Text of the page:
I have been back out here in Terlingua for all of March and April, mostly playing music around the area. Now that the season is coming to an end, I am finding some time to get back to the building. This last Thursday, we had a great team to work on and almost finish up the brown coat inside the dome. Don, Mundo, and myself developed a nice rhythm and got the hardest part done (the center of the dome, where the stucco can fall down on you as you apply it). Since we aren't using any power tools, all the stucco from beginning to end of this project is being mixed by hand, rather than a power mixer. We are also using our own aggregate in our stucco mixture, found locally for free, rather than a pre-mix such as quikrete. In order to prepare for a full workday such as today, all of the supplies must be gathered beforehand. The sand is gathered a couple of miles from my land, where it settles on the road from nearby natural deposits. The road becomes difficult to drive on when the wind piles the loose sand in heaps on the road. By gathering the sand, it also clears the road so that it is a bit easier to drive on. Since I don't have access to a conventional pickup truck, I use my volvo, Ruby, pretty much like a truck by putting the seats down and then covering the back of the wagon with a heavy duty tarp. There is almost as much room in there as a pickup truck. The sand then has to be filtered very finely. I screen it with both lath and mosquito netting. We also have to make sure that there is enough water on hand. Stucco gets very thirsty for the stuff.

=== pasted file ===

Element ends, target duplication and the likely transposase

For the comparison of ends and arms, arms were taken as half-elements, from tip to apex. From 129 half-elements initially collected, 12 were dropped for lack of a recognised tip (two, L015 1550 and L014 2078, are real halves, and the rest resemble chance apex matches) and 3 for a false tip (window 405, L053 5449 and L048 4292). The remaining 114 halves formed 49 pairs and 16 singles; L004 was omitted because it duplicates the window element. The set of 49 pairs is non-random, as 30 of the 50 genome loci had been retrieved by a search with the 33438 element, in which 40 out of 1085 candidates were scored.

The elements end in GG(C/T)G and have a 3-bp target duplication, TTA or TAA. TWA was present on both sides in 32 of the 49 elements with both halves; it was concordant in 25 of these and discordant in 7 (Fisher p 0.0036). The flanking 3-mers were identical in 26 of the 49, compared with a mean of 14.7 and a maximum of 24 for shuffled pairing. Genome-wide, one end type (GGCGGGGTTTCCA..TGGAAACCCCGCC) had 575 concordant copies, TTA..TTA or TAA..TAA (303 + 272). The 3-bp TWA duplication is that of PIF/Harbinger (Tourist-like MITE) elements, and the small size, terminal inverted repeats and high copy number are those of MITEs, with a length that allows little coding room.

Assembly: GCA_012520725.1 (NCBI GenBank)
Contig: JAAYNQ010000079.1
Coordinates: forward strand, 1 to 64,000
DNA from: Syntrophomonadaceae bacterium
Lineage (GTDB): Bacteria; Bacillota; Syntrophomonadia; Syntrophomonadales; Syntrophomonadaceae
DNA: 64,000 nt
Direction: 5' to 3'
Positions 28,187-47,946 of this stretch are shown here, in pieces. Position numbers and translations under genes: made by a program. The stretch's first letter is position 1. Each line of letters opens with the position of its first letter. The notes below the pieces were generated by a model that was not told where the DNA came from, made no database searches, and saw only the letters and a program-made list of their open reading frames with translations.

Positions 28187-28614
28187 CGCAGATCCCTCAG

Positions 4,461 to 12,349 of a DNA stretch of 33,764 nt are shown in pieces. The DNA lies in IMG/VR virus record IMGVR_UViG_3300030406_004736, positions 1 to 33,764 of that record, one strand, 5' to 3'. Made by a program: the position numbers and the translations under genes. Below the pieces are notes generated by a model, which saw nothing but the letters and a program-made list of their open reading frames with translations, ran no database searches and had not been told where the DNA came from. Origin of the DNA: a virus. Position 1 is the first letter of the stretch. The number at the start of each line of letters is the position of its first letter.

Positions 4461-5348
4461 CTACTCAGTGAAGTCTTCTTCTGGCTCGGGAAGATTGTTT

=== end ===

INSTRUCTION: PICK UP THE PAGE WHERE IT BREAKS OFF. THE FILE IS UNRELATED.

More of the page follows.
Don and Mundo are both expert stuccoers, with very different techniques. I learned a lot from watching them as I mixed stucco. I felt pretty comfortable with stuccoing the scratch coat since it doesn't have to be perfect and gets covered up. But for the brown coat, the part that get seen, I wanted more experienced hands to do the task.
A long day makes for a good night's sleep, however, I learned later that my slumber was only a few feet away from a rattle snake, the first one I have seen on my land.